IDAHO CITY -- The 2013 wildfire season in Idaho was one of the worst on record, with three massive fires destroying homes and forcing thousands of evacuations.

According to the National Interagency Fire Center in Boise, the Pony, Elk, and Beaver Creek fires burned a total of nearly 400,000 acres.

Those three fires were some of the largest in the nation, and cost more than $40 million to fight.

With this year's fire season just around the corner, there's a new push for a project that would reduce fire fuels in an a popular area near Boise.


In 2013, we told you about the controversial 'Thin the Threat' campaign that was aimed at cutting out some dense forest areas.

The U.S. Forest Service is now behind a plan to use several methods to thin nearly 20,000 acres in the Boise National Forest.

The Becker Project has been in the works for years, and is now a top priority in an effort to protect a pocket of federal land from wildfires, and the recreational opportunities it contains.

From the vast forest scenes, to the wildlife, to trails and yurts, the Beaver Creek Basin, between Idaho City and Lowman, has everything for outdoor enthusiasts.

Wildlife biologist Mike Feiger says all six yurts in the area are booked most of the year as visitors flock to the area in all four seasons to ski, bike, hike, fish, hunt, and just enjoy the outdoors.

The forest is a key part of that experience said Feiger. They want to see the trees and the smells, the sound of winds through the pines, all those components are important to that experience.

But while the trees offer the perfect wilderness getaway, they also offer the threat of wildfires to an area all to familiar with devastating flames.

Idaho City District Ranger Brant Petersen showed us a map of the area and the surrounding acres burned over the past few decades.

These are all previous burns, Trinity is down here, Rabbit Creek is here, and you get up into these Lowman burns here, on every side of it it's burned, said Petersen.

The Forest Service says the 19,000 acres targeted by the Becker Project is an island of green surrounded by remnants of previous burns, with the danger growing ever closer to the popular outdoor playground.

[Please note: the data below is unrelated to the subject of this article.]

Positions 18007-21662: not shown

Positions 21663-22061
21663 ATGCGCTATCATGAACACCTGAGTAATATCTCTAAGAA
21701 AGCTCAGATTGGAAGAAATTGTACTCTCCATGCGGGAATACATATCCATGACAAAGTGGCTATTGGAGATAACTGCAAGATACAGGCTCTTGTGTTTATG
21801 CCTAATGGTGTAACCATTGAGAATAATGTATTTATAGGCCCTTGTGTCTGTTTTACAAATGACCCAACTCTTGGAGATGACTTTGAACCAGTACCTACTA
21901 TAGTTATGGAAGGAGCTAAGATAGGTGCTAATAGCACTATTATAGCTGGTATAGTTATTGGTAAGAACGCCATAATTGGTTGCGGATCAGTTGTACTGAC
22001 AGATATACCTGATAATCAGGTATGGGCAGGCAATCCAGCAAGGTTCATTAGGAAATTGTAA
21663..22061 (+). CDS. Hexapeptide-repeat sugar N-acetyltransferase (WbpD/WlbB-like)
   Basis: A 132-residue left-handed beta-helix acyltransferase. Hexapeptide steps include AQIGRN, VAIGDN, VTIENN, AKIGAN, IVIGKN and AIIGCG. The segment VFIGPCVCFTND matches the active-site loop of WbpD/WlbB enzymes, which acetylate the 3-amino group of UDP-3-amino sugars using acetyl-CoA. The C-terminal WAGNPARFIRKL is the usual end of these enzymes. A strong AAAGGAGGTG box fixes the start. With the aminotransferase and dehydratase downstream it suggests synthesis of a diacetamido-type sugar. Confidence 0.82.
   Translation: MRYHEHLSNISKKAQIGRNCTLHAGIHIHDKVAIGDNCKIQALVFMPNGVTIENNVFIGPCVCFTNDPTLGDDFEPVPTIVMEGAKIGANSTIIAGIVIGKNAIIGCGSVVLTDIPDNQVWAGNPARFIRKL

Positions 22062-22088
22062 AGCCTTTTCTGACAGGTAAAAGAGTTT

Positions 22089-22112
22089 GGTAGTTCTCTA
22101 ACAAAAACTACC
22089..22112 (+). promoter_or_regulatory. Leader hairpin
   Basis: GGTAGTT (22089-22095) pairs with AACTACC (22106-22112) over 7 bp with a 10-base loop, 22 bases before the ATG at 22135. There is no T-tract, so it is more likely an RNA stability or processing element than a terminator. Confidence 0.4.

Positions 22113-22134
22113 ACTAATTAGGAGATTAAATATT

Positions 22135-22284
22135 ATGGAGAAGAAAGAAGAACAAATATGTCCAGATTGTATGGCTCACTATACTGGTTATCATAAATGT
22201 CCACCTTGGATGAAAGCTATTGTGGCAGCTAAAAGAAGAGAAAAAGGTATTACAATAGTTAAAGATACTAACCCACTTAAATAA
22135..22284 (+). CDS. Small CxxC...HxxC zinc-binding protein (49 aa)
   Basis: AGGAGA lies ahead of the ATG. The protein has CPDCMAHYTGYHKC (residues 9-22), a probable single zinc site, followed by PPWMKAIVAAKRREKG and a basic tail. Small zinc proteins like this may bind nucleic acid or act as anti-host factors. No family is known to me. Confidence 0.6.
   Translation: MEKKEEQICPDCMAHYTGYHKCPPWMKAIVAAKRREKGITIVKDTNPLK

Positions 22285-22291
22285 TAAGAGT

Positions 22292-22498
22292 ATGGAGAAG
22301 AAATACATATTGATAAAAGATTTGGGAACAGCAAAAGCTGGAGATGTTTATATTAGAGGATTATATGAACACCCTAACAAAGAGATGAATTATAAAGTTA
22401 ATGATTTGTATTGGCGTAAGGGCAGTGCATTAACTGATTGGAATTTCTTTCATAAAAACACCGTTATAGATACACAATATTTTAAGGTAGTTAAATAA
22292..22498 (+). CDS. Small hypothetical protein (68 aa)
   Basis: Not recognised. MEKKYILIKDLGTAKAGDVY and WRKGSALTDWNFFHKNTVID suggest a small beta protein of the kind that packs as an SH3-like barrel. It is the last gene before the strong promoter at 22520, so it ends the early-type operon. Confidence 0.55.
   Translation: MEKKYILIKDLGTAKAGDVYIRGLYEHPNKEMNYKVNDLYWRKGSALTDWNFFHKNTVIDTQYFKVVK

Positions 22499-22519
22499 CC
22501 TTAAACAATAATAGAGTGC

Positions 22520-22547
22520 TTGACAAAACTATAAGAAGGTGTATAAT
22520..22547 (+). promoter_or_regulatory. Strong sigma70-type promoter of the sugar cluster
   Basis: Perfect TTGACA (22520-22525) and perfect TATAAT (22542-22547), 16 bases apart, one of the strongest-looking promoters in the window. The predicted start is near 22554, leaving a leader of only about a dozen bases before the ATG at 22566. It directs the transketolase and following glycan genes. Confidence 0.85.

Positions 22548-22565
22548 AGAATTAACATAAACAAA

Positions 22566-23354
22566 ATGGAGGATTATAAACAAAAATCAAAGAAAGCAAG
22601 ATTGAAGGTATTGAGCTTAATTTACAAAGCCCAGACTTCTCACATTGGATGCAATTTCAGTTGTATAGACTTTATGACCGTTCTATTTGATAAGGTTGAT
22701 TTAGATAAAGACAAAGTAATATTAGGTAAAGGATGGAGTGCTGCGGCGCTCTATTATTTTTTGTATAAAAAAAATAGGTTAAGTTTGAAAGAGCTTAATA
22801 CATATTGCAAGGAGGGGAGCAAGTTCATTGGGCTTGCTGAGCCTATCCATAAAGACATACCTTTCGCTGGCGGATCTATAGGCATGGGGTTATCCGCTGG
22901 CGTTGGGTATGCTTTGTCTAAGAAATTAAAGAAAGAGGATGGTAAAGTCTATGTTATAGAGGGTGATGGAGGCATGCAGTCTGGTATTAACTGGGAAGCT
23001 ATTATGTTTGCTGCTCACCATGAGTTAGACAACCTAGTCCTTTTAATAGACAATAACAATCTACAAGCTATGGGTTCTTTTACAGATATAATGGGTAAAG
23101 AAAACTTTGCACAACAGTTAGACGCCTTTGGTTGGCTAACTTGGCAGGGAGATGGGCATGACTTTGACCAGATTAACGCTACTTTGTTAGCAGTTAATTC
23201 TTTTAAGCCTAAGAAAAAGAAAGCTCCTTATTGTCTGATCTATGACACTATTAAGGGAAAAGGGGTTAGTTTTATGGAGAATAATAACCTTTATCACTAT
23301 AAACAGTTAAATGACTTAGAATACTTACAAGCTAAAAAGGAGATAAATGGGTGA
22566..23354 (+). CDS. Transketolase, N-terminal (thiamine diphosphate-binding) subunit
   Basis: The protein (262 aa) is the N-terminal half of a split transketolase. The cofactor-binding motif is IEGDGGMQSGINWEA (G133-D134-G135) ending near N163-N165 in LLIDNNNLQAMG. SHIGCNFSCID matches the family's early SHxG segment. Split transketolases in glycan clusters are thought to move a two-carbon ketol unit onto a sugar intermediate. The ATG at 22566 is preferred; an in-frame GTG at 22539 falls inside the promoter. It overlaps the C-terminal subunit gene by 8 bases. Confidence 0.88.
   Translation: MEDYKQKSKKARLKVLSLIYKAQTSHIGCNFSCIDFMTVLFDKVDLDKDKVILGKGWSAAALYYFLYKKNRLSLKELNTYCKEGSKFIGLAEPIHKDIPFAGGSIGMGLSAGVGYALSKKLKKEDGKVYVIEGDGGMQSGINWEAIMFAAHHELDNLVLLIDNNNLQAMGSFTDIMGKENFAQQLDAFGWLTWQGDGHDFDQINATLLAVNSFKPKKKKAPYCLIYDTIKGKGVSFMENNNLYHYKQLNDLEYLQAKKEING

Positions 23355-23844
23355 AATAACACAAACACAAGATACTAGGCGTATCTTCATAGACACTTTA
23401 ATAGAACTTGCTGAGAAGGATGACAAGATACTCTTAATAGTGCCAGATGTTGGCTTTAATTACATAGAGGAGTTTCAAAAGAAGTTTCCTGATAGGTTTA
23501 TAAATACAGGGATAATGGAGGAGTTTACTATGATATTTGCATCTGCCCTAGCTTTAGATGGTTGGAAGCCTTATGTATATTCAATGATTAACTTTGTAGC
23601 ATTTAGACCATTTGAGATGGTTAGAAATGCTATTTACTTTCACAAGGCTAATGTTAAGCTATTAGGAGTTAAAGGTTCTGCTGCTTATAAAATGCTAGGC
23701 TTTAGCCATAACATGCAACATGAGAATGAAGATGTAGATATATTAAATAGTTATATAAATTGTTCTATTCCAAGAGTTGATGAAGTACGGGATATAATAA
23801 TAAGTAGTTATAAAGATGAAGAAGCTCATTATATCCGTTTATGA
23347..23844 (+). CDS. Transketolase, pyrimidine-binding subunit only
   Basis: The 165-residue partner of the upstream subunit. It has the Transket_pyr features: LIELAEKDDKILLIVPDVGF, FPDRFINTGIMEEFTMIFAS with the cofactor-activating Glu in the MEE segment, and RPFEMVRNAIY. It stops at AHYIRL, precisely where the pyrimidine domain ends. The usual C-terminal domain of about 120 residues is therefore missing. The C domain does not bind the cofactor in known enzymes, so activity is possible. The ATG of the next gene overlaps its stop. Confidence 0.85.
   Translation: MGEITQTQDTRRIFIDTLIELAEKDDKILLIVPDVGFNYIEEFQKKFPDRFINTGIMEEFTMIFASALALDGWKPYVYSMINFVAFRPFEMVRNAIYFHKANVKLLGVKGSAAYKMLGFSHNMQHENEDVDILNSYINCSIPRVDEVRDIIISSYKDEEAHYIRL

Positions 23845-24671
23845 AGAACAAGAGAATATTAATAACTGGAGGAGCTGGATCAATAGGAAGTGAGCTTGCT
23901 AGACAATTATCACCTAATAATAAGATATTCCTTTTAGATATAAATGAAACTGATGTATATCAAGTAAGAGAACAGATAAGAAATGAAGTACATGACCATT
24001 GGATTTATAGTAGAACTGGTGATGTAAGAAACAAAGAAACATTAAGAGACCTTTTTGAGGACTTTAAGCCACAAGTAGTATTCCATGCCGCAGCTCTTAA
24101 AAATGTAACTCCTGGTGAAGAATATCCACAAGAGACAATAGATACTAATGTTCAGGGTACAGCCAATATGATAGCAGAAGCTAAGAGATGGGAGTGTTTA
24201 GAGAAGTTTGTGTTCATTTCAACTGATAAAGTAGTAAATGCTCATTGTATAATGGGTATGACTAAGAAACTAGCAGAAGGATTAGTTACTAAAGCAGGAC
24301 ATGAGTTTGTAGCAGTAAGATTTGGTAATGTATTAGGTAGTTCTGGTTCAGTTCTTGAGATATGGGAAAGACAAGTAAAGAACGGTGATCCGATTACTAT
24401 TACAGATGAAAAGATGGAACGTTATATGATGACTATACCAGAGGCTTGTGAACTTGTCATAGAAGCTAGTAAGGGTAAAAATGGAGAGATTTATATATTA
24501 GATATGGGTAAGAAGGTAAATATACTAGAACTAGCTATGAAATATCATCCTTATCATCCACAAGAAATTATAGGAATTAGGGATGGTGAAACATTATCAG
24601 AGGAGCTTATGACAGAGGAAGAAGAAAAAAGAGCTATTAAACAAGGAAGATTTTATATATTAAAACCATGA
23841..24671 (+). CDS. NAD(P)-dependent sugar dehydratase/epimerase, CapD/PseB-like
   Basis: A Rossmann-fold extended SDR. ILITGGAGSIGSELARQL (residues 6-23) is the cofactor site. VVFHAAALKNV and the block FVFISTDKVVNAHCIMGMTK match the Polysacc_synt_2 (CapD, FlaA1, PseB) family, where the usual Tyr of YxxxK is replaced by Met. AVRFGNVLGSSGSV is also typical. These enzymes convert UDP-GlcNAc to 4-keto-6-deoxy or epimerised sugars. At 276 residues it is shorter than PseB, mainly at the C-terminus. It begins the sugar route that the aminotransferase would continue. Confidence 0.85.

Because of the conditions out here, definitely have a large degree of risk for a large scale catastrophic fire to occur, said Feiger.

Which is why the Forest Service is pushing the plan to thin out the area and reduce potential fuels.

First, they would log, then cut down the smaller trees.

There will be a lot of thinning that will take place, that will involve chainsaws, mechanical thinning, those type of operations, said Petersen.

Then, they would also use prescribed burns.

The goal would be for the entire forest to be thinned out with distance between trees, and canopies, making it less likely for a massive fire.

If we don't address that threat in some way, I think there is a very real risk that what has happened in Trinity Ridge, in Elk, in Lowman, could very well happen here and we lose that island of forest experience that is being lost elsewhere, said Feiger.

The goal would be to start the project by the end of 2015, and it would take about 7 to 10 years to complete.

No word yet on the cost of the project.

Officials say there would be periods where some recreational areas would be temporarily off limits for a few weeks, but they say the long term benefit would be a healthier forest.

They are accepting public comments on the plan until June 9. To give your opinion, and read more about the Becker Project, click HERE.

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